Seasons Collide Over Plant-Based Dyes

This week the Community Teaching Garden experienced a taste of two seasons! We harvested apples from tree adjacent to our garden as well as our first watermelon of the season. On the hot late-summer evening, we were happy to join together to learn a new skill: making plant-based dyes.

Apples from a nearby tree
Apples from an adjacent tree, a dye-making resource book, and sample patches from our dear teacher Carolina.

With the goal of making some plant-based dyes in mind this season, we planted indigo and coreopsis— two common plants used in dyeing. We also harvested some wild-growing goldenrod to make a third dye. A wide range of plants and techniques can be used to create dyes in your own garden, so don’t limit yourself to our examples!

For our dye project, we wanted to create vibrant colors using easy materials and a quick process. Protein-based fibers, like silk and wool, tend to be easier to dye, so we started by creating silk scarves and swatches. Plant based dyes work better if the fabric is treated with a mordant. After soaking our silk in the mordant and preparing our dyes (boiling our coreopsis and goldenrod in water for about an hour) it was time to begin!

Dyeing our silk swatches with coreopsis and goldenrod was as simple as draining the dye and soaking the material. To create our indigo dye, we headed back to the VCGN offices, where we combined indigo with ice and water in a high-powered blender and strained the plant material to create our dye.

It was hard to believe that the bright green dye would produce blue fabric, but indigo needs to oxidize before it takes it’s trademark color. After soaking for just a few minutes, students rinsed their silk to find it had transformed into a lovely robins egg blue color.

Final Product
At the end of the evening, several students display their plant-based dye projects.

While it was a brief introduction into the world of plant-based dyes, the students in the Community Teaching Garden course were very inspired and hope to have a bright future ahead of them as they continue to create natural dyes.


A Balmy Evening in the Garden

The gardeners in the Community Teaching Garden have been hard at work this summer growing and harvesting herbs and flowers to make tinctures, glycerites, and balms. This week in class, they gathered together to make lip balm and a skin-soothing balm out of herbs and flowers cultivated this season. Like making tinctures and glycerites, creating your own balms is easy, cost-effective and fun!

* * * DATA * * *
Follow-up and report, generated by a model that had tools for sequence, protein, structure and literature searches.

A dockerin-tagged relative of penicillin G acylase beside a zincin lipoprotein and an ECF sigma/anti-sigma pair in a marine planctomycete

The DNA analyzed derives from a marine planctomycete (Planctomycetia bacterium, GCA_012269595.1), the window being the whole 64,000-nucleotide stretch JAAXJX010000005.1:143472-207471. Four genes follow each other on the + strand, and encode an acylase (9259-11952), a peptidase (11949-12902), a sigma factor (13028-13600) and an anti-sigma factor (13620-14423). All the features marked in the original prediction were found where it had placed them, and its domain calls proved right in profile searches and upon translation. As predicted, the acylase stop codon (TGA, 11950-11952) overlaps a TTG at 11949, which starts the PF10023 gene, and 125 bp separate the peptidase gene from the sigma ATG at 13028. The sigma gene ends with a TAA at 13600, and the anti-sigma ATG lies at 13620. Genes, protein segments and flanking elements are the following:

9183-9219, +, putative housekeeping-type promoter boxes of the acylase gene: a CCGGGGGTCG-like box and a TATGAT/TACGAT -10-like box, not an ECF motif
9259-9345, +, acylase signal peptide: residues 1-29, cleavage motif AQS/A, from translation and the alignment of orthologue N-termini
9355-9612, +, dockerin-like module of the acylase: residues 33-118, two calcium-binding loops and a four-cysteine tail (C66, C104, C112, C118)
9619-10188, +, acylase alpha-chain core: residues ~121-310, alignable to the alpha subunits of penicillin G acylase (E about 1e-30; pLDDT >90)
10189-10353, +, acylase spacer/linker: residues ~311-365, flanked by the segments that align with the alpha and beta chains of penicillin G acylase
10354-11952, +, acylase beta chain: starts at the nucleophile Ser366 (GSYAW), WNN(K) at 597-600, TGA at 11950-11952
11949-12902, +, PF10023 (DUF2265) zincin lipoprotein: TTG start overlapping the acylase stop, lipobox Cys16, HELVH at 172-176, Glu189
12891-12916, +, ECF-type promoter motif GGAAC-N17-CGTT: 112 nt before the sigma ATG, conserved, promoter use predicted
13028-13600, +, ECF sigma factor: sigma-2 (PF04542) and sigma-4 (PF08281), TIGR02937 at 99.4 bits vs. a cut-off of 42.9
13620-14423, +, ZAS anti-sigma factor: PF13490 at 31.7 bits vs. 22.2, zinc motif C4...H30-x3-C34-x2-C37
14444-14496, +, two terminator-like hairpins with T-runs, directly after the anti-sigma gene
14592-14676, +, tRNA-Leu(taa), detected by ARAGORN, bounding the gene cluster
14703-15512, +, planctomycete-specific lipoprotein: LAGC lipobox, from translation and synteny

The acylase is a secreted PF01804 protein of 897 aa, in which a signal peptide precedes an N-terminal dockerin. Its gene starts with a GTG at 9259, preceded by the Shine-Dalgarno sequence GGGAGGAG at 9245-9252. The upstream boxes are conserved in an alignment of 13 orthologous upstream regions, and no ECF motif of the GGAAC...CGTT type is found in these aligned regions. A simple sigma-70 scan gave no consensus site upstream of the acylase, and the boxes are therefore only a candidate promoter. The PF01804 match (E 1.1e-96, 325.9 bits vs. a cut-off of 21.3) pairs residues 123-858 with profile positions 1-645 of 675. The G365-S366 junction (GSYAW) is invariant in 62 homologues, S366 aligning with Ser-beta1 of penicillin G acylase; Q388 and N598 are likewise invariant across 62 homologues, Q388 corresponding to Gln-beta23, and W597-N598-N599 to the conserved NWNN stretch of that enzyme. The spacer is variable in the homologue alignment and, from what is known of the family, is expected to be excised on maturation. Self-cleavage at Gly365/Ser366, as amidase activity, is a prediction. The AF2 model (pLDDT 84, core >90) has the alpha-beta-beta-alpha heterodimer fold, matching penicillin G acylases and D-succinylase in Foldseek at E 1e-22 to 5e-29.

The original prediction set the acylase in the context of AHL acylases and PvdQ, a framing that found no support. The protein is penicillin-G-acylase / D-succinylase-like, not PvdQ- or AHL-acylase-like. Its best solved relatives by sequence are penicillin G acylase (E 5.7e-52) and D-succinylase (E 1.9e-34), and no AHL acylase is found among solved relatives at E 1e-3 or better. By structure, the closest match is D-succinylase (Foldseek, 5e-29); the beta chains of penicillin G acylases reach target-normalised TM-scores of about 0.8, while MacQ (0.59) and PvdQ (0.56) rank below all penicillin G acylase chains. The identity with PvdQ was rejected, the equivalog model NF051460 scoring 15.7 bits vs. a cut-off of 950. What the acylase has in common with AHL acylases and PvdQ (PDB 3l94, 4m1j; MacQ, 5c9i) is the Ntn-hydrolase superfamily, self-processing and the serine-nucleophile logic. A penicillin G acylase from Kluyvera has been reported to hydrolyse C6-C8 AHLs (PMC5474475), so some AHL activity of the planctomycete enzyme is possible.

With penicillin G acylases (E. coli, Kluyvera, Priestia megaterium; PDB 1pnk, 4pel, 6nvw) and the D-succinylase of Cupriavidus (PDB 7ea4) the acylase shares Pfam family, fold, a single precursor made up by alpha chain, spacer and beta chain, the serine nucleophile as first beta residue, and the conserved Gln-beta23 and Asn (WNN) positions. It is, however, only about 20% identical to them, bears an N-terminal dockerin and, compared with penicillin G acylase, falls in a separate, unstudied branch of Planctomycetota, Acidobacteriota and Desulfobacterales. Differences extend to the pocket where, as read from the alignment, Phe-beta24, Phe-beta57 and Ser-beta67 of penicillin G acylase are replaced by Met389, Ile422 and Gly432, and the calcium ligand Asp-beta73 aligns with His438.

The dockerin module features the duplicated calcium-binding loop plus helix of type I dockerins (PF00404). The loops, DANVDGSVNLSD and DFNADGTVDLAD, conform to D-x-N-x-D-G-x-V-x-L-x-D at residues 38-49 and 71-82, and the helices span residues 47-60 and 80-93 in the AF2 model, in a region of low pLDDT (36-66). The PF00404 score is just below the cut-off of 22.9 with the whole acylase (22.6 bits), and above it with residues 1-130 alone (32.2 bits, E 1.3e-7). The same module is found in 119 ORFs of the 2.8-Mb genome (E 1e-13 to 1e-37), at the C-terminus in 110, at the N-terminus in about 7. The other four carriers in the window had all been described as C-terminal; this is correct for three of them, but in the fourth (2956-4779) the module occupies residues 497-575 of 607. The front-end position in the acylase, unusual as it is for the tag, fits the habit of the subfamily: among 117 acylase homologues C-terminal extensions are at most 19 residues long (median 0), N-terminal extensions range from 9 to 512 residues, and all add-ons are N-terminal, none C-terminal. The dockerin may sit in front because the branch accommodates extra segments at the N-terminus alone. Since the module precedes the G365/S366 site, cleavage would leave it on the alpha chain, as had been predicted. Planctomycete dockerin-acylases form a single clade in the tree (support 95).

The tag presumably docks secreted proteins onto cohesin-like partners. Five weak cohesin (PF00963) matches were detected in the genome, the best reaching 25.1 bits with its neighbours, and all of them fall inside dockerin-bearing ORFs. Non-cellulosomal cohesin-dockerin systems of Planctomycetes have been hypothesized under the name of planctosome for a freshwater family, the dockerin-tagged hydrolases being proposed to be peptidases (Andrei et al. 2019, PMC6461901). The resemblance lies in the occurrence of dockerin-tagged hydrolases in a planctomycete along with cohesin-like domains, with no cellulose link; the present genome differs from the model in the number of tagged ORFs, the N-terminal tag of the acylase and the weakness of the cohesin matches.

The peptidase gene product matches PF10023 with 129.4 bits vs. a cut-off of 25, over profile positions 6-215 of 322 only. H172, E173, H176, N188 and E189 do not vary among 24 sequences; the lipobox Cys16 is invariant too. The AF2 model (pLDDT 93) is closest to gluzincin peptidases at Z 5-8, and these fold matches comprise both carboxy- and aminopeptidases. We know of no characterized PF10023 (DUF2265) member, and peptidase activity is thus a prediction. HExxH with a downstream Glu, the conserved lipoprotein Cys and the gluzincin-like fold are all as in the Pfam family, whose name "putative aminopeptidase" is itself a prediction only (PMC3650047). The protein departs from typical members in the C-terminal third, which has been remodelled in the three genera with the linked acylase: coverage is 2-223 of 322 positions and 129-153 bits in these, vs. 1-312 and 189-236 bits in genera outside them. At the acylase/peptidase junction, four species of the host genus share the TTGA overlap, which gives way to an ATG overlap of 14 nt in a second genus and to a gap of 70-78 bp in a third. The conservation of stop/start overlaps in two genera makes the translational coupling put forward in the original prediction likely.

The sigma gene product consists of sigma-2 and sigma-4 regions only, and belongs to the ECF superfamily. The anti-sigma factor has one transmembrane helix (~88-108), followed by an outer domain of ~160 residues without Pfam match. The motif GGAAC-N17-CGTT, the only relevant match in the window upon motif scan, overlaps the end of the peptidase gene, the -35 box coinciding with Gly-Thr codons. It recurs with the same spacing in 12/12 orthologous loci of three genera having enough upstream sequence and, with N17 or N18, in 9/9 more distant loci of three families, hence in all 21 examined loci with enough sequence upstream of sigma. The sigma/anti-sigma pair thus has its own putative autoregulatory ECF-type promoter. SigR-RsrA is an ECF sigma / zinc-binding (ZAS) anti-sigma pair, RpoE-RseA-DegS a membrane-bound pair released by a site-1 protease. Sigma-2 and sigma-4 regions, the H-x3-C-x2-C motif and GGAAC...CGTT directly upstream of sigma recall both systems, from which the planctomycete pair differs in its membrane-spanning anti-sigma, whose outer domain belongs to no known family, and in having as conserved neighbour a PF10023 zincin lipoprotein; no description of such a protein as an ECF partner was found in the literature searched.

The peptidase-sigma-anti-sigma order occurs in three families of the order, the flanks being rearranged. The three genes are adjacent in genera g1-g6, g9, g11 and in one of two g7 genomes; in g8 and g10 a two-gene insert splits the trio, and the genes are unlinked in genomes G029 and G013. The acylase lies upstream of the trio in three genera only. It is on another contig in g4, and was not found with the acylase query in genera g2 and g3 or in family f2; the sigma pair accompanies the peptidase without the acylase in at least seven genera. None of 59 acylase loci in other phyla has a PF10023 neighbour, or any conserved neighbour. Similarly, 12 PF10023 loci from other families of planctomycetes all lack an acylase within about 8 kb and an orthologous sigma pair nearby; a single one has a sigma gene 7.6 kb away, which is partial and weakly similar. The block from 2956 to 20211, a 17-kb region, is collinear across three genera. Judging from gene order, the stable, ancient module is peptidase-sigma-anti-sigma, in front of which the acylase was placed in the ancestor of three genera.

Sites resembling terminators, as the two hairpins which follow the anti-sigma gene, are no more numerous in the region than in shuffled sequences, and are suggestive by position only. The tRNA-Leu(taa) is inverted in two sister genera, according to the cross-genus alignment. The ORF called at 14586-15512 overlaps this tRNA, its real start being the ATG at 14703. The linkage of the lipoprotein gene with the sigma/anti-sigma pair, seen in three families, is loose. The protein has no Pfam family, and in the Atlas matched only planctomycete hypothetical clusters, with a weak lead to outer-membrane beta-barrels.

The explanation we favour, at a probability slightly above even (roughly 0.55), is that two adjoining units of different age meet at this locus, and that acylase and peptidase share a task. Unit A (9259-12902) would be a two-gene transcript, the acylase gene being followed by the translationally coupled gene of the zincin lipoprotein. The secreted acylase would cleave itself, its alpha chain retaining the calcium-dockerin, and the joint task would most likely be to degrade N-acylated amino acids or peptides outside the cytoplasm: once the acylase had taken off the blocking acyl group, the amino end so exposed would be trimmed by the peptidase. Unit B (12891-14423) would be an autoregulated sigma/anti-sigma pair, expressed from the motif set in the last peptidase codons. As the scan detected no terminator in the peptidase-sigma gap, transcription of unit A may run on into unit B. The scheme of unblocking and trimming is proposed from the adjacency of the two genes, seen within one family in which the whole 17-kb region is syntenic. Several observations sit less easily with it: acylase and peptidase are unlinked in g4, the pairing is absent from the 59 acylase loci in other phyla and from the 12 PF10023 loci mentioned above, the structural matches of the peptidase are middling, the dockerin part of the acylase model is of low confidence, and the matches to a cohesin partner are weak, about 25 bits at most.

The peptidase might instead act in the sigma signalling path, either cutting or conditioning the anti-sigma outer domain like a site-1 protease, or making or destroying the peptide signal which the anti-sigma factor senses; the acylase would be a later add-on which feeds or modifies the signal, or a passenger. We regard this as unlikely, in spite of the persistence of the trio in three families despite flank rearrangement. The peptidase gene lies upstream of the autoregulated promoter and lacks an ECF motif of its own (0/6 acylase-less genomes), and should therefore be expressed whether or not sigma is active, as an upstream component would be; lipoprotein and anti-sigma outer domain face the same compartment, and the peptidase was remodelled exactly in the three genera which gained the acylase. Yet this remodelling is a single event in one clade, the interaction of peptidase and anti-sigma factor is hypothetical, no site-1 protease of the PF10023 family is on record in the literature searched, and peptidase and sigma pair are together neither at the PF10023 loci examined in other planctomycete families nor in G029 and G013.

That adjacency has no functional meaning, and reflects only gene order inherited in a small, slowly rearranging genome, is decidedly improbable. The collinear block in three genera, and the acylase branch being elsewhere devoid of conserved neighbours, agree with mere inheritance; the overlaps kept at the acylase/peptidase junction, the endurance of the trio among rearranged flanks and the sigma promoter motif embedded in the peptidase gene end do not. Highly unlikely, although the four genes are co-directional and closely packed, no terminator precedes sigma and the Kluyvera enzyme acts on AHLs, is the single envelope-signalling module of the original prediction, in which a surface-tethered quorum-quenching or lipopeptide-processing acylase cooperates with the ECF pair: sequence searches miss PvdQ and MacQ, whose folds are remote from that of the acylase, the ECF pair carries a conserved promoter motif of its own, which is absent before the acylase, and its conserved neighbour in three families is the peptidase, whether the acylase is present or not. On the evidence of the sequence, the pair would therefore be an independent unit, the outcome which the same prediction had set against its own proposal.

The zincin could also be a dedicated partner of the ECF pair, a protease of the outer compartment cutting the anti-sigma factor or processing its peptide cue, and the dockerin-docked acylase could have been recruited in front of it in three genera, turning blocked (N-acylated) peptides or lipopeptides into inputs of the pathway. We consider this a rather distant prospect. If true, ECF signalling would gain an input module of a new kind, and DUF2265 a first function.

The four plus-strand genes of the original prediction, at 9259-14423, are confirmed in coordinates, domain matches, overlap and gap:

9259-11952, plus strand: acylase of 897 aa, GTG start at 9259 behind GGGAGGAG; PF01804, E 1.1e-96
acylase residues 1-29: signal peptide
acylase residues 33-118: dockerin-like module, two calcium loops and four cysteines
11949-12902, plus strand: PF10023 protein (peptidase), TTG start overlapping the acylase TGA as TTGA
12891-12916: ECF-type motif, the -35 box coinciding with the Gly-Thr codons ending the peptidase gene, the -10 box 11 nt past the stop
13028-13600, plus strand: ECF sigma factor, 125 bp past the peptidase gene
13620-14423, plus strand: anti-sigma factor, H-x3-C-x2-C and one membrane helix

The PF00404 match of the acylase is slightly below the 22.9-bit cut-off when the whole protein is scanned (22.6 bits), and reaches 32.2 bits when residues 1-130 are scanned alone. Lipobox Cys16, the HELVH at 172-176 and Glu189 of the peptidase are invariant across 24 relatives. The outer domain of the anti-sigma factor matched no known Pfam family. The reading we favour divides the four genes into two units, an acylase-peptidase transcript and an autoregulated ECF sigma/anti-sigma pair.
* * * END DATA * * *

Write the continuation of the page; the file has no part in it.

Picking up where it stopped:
Completed Balms
Lip Balm fresh from your pals in the Community Teaching Garden!

Early in the season, we identified herbs and flowers in and around our garden that have medicinal and skin-soothing properties, and created oil infusions of calendula, plantain, comfrey, yarrow, lavender, and chamomile. If you’re not sure which herbs are beneficial for topical use or skin irritation, this resource is a great place to start. After identifying the herbs and flowers we wanted to use, students dried the herbs, added the dried herbs to a base oil (olive oil, sweet almond oil, coconut oil or jojoba oil all work well!), and let them sunbathe on their sunny windowsills for 4-6 weeks to create a solar infusion.

Solar Infusions of Rose and Calendula
Rose and calendula infuse in sweet almond oil on a CTG student’s windowsill. 

Once our infused oils were ready, we gathered together the ingredients needed to create our balms. The two primary ingredients needed are infused oil and beeswax, but other ingredients like vitamin E oil or castor oil can add extra moisture and sheen to your lips or skin. You can add a few drops of your favorite essential oil to your balm just before pouring it into a tin or lip gloss tube for additional healing properties or to add a fun fragrance.

Beeswax and Lavendar
Beeswax and lavender, a sweet and fragrant pair!

We used a base proportion of one part beeswax for every three parts oil, and melted them together in a pyrex on a double boiler. For our lip balm, which we wanted to be a bit firmer, we used three parts oil to one and a half parts beeswax. Make sure to stir your balm regularly as the beeswax is melting, and to have your containers for the balm ready. To check the consistency of your balm, dip a spoon into the boiling oil and wax mixture and withdraw it. It should harden quickly and give a good sense of it’s thickness.  You can thicken your balm by adding additional beeswax or loosen it by adding additional oil. Once it has reached your desired consistency, quickly and carefully add your essential oils and place it in your tins and tubes.

Making these simple balms is a great way to enjoy and share your harvest! For more detailed instructions, check out these lip balms from Mountain Rose Herbs and this “owie cream” from the Hippy Homemaker.